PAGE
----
(BPT) - Owning multiple gadgets is no longer the domain of tech geeks - it's the new normal for just about everyone. Between multiple computers, phones, tablets, readers and music players, and the files that fill them up, people have a lot on their digital hands. Because that can be both costly and cumbersome, people are on the lookout for new ways to save money and sync up across platforms.

Luckily, 2013 looks as though it'll be a year full of innovations for gadget jugglers - and particularly music fans. And after the gift-giving rush of the holidays, people will be looking for new ways to make their devices interact, so that they can streamline their digital lives.

One of the best places to get started is with your music collection. For most people, it's not uncommon to have hundreds or thousands of music files. While that variety is enjoyable, those high numbers have some underlying consequences. First, the sheer cost of paying for those songs and albums, and second, the amount of space they take up. And if your music isn't shareable across platforms, there's a serious frustration factor.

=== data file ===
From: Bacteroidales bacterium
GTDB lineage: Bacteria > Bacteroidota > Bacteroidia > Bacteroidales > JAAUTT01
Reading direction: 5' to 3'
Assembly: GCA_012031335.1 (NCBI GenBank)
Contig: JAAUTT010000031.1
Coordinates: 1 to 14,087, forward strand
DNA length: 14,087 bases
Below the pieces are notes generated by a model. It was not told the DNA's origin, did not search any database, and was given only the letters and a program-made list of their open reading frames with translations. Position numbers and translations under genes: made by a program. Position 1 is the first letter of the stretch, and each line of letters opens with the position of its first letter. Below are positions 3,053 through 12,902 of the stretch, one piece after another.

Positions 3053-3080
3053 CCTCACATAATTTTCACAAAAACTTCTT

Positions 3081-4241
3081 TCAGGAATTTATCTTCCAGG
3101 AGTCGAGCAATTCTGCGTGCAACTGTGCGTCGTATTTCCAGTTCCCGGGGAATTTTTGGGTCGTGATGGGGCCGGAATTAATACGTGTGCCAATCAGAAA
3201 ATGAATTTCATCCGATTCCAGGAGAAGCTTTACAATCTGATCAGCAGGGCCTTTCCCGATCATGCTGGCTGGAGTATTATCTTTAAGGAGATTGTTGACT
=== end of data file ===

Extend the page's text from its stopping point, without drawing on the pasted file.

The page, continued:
How can you declutter your life in the new year? A digital music subscription is one of the best places to get started, offering a variety of benefits:
1. Cost cutting. Digital music subscriptions offer millions of licensed songs and albums, typically for around $10 per month. Weighing that price against what you'd pay for individual tracks, the savings can add up quickly. For example, a premium subscription to Sony Entertainment Network's Music Unlimited service gives users access to more than 18 million songs from all of the major labels and many independents and costs under $120 for the whole year.